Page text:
Over the past couple of years, I have sporadically written about the effects of a scripting language on the Simulation. Using the benefits of copious holiday time, I have written a scripting parser and interpreter over the past month.

Working through the needs and additional feature list of the scripting language, I came up with a very stripped down language that has elements of BASIC and elements of C. Rather than being a functional language, the script allows for variable definition on the fly and a subset of variables that have function elements. For example if you want to access an element in the ''brain'' array, set the three points of the brain;

      brain_x = 14;
      brain_y = 5;
      brain_z = 21;

Then brain_value can either be an input or output variable depending on whether you want to set or get the brain value. At the time of writing the mailout the final elements of the scripting language are still being tested and ironed out. I hope to have the scripting source online within the next month and a detailed document online in a similar time frame.

A footnote to providing a scripting language is the vast array of potential bugs that can creep in through a plurality of possible handles for Noble Ape. The bug tracking for Noble Ape that includes both simulation stability as well as software stability will need to include tutorials and development of the scripting stability. With the freedom of scripting, comes a new kind of feedback and community. It is going to be interesting seeing how a scripted Noble Ape is received.


In the past three months roughly 200 folks per month have downloaded the Simulation source code. Whilst this number may sound small, it works out roughly 2,400 people per year. Who are these people and what do they use the Simulation for? If these people could be tracked in terms of communication and understanding, the community downloading the source code would no longer be such a mystery.

One model I have looked at is registering email addresses prior to download. This method is used with a wide variety of freeware programs already. Another method is to establish a yahoo mailing list or similar mailing list that requires subscription in order to receive the files. Now in the case of the mailing list, subscribers won't get posting options but it generates an idea that by downloading the source code you are being part of a community.

I am looking for feedback from the mailout on this issue. Obviously anonymous downloading works too. But as a developer, I'm not getting a sense of why people are downloading the source - perhaps as a development tutorial - or how to tailor the source to those who are using it.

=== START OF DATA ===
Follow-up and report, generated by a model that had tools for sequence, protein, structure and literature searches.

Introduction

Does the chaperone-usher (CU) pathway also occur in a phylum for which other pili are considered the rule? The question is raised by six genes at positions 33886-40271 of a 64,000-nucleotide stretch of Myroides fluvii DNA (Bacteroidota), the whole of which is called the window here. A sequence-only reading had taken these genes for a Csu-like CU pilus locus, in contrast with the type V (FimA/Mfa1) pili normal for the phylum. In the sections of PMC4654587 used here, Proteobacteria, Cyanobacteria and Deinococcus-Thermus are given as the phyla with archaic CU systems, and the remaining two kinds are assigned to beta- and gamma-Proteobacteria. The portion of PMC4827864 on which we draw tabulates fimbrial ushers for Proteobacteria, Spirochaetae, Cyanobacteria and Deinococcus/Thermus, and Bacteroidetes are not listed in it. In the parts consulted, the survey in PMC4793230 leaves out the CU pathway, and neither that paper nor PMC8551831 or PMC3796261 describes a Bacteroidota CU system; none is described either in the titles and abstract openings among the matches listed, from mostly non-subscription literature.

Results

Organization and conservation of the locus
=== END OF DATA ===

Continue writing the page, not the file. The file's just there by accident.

For the past month, since I have been in this part of the world, the DarwinAtHome mailing list has taken off. In fact, the DarwinAtHome mailing list has encouraged folks to join the mailout. I would like to welcome those who have subscribed to the mailout from the DarwinAtHome mailing list.

When I contacted Bruce Damer about DarwinAtHome two months ago I wasn't clear who was involved with DarwinAtHome. What is coming out of the DarwinAtHome mailing list is not a group of historical ALife names but a group of people willing to work together to develop something of benefit and discuss the potential direction of current and future ALife projects.

I thoroughly recommend all (even mildly) interested in the direction and maintenance of ALife to join the DarwinAtHome mailing list;

Now at

For some background on the posts to-date;


In the near future, through stabilising my locality, I hope to produce a Noble Ape local area development network including the first machine I have maintained dedicated to running the Simulation continuously. This has long been my dream with the Noble Ape development although the elements of the Simulation and the machines I have had access to, haven't always allowed that.

As this development and testing rig grows, I want to streamline the Simulation releases. Increasing the frequency, but also simplifying the release cycle. I would like to make a couple of releases through the most friendly download sites. This is a difficult and somewhat subjective choice. Almost all the download sites have pluses and minuses. As all download sites are subject to fashion too, the download sites that were useful in 2003, seemed more dull in 2004.

Now, who can predict which download sites would be best. Running on the nerd feedback, freshmeat for the Mac release would be the best location to test the new scripting. Although sometimes acidic, versiontracker may be a good place for the latest Windows and Mac release too. It was home of the original comment (which I am paraphrasing) - I start my day by running Noble Ape and thinking about what it means.


As I write this mailout, I have received an email from Mridul P who is on the east coast currently. For the first time ever, Mridul and I are on the same landmass. With him on the east coast for the next year, I'm hoping to arrange a Noble Ape developers confest sometime before March 2006. But I digress.

I have reworked the Windows source recently with the view that I want to add the threading benefit for Windows too. With a number of core and gui changes in the Simulation since I last touched the Windows code, I wanted to make sure that everything still worked together.

The new model for source release is the basic Simulation for Mac and Windows is in a reduced This version was formerly called the Ocelot version of the Simulation through the Ocelot interface;

For me personally, now maintaining a Windows and a Mac laptop with development environments and a dialup connection, a small downloadable source is critical.

Hope all is well with you all,

Tom Barbalet, 27 March 2005.

Noble Ape - Mailout Archive